Author Nancy Stewart Bagshaw comforts those facing the loss of a loved one

Finding Five, released through Seagull Books, the nonfiction division of Leo Publishing, is a celebration of young life cut tragically short.
FINDING FIVE  by Nancy Stewart Bagshaw
FINDING FIVE by Nancy Stewart Bagshaw
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Nancy Bagshaw
Death And Dying
Death Of A Child
Overcoming Grief Though Memory
Finding Five


Bridgehampton - New York - US


BRIDGEHAMPTON, N.Y. - Oct. 20, 2014 - PRLog -- Katy, a remarkable twelve-year-old girl, was taken by a rare liver cancer in 2010, leaving all who knew her devastated.  Author Nancy Stewart Bagshaw, Katy’s aunt, is not about to let the memories of this young girl and the things that made her so special, die as well. At the same time, this new author gives to the world solace and hope at the face of death by demonstrating that rather than cease talk of Katy around young relatives, especially on what would have been Katy’s birthday, the family embraces that what made this young girl’s life memorable. Although the sadness over the loss of Katy is evident in the pages of Nancy Bagshaw’s book, there is comfort in the remembrance of all that Katy was and all that she loved. In a sense, Katy is the example of every young child’s life that ended far too early by this modern plague.

When Nancy Bagshaw first approached Seagull Books, the nonfiction division of Leo Publishing, with her concept, it was a difficult decision to accept her work, for the loss of such a young life is the most difficult of losses to face for any parent, relative, or friend, and it is equally heavy for any human to read. However, Nancy Bagshaw’s writing, images, and positive, encouraging theme that transcended grief and death, embracing the memory of Katy, convinced the publisher to take on this most difficult of subjects, and so Finding Five was released through Seagull Books. And how appropriate, for as young Katy embraced life by the seashore, her spirit, like a graceful seagull, soars on even after death—its graceful silhouette leaving a shadow of loss for a young life gone, surrounded by warmth of memories that those who loved her will never forget.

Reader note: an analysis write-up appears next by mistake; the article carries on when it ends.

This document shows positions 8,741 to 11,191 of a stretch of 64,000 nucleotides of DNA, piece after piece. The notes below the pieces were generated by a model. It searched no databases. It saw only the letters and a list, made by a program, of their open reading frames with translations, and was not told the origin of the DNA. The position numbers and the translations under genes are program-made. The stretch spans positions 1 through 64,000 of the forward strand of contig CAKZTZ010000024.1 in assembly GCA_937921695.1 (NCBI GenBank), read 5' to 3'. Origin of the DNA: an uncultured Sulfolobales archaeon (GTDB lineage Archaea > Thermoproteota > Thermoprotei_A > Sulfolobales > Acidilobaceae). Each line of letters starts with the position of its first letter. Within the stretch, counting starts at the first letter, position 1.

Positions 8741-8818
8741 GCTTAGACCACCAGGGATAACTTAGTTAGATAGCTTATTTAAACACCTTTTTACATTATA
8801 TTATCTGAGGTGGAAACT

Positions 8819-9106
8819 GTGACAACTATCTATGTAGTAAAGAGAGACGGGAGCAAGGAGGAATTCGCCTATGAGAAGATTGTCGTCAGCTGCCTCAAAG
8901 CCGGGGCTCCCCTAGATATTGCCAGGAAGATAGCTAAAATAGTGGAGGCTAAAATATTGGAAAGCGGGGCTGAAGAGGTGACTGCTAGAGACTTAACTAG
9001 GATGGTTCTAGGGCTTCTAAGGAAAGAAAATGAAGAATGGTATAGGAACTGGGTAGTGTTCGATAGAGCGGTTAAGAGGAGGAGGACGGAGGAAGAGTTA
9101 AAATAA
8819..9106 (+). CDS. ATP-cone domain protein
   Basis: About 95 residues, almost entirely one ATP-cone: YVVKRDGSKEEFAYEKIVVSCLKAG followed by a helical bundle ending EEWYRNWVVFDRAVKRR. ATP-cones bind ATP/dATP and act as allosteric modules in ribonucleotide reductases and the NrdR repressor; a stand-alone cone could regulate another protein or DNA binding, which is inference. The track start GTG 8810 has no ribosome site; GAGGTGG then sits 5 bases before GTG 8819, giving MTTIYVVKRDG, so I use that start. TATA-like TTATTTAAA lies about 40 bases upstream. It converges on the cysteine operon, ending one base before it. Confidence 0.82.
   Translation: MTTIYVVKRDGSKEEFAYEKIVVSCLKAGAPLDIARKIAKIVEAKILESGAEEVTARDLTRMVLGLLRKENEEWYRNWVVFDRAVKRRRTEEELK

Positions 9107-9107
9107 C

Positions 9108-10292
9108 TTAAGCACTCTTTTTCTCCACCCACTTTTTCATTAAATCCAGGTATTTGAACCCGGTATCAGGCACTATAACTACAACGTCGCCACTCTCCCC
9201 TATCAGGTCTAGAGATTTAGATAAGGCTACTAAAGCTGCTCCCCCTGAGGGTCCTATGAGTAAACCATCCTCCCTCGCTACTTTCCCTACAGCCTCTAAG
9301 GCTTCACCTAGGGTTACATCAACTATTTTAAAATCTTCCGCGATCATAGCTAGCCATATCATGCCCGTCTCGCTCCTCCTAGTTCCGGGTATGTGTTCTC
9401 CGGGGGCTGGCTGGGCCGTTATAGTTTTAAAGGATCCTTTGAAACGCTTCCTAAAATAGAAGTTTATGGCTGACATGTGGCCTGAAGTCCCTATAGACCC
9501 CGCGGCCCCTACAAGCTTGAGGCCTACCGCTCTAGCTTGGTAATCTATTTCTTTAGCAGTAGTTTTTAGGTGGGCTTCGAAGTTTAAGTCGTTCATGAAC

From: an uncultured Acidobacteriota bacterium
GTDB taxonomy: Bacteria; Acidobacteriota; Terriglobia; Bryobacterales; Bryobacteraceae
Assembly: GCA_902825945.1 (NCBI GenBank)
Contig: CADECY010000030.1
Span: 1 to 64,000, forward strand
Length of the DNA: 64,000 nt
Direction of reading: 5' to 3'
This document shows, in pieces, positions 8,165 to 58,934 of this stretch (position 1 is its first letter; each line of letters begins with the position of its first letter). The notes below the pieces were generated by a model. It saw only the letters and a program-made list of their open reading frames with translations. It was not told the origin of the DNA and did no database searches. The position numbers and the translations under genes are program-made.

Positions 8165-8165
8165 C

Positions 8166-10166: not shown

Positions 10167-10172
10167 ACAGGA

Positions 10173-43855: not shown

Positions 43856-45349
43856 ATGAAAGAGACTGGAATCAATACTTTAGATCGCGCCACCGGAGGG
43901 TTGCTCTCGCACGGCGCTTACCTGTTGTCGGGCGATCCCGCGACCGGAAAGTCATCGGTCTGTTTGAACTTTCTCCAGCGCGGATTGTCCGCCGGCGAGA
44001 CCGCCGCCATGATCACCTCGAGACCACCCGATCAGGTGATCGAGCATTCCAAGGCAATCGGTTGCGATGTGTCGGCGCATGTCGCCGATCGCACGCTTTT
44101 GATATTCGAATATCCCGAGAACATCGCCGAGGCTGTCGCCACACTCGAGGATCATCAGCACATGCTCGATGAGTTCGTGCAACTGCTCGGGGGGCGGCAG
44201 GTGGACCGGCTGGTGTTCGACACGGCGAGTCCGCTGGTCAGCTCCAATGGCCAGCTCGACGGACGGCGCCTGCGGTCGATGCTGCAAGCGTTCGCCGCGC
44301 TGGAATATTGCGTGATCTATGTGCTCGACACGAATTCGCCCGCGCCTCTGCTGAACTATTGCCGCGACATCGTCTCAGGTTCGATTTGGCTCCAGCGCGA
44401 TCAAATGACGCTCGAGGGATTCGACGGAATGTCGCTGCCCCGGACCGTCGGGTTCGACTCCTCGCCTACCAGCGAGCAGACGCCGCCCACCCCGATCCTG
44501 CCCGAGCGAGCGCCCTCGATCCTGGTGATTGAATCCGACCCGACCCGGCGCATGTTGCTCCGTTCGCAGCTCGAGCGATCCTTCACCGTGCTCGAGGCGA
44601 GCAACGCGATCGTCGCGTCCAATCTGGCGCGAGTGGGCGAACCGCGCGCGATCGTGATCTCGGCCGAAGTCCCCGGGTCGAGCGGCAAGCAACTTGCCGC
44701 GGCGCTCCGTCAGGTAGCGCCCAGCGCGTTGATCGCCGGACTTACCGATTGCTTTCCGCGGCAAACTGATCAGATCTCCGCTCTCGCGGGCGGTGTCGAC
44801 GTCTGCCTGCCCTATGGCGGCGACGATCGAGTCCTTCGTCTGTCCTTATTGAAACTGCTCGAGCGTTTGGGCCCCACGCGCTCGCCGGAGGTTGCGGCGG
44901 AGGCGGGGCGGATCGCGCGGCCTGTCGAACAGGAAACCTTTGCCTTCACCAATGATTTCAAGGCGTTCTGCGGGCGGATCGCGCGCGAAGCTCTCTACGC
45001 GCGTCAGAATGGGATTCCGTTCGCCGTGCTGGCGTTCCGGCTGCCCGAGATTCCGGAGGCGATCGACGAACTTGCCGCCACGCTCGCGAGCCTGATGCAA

There is a far greater purpose to Finding Five. There are many families who will feel the sting of such a loss and many young children wondering if it’s okay to bring up conversation about their late brother or sister, or even a best friend. Ms. Bagshaw’s family is in a place of understanding these other families and have realized that open conversation releases them from the taboo on death subjects. In this, Nancy Stewart Bagshaw has created a book, not just to honor Katy, but to comfort those who have lost someone so dear to them by demonstrating that engaging conversations may actually ease the pain and honor the spirit of the lost.

Early review copies of Finding Five have been praised by psychologist Lauren Sebor, social worker Jaime Balsam, and children’s author Wendy Wax, all who have found Finding Five to be inspirational, giving meaning to the notion of a celebration of life no matter how much time has passed after the loved one’s death. It is a wonderful story to be shared with those children who are struck with a loss. In the words of author Nancy Stewart Bagshaw the story of Katy “. . . is neither a good-bye nor an attempt to explain where loved ones go after they have passed away. Rather, my book is an invitation to share and take note of people’s thoughts about a loved one who has passed.” Though the person we have loved is gone, the memories of the person live on in their reemergence.

Look for Finding Five at Barnes & Noble,, and other booksellers and online sources. ISBN: 978-1-941157-01-5

Read a sample of Finding Five at
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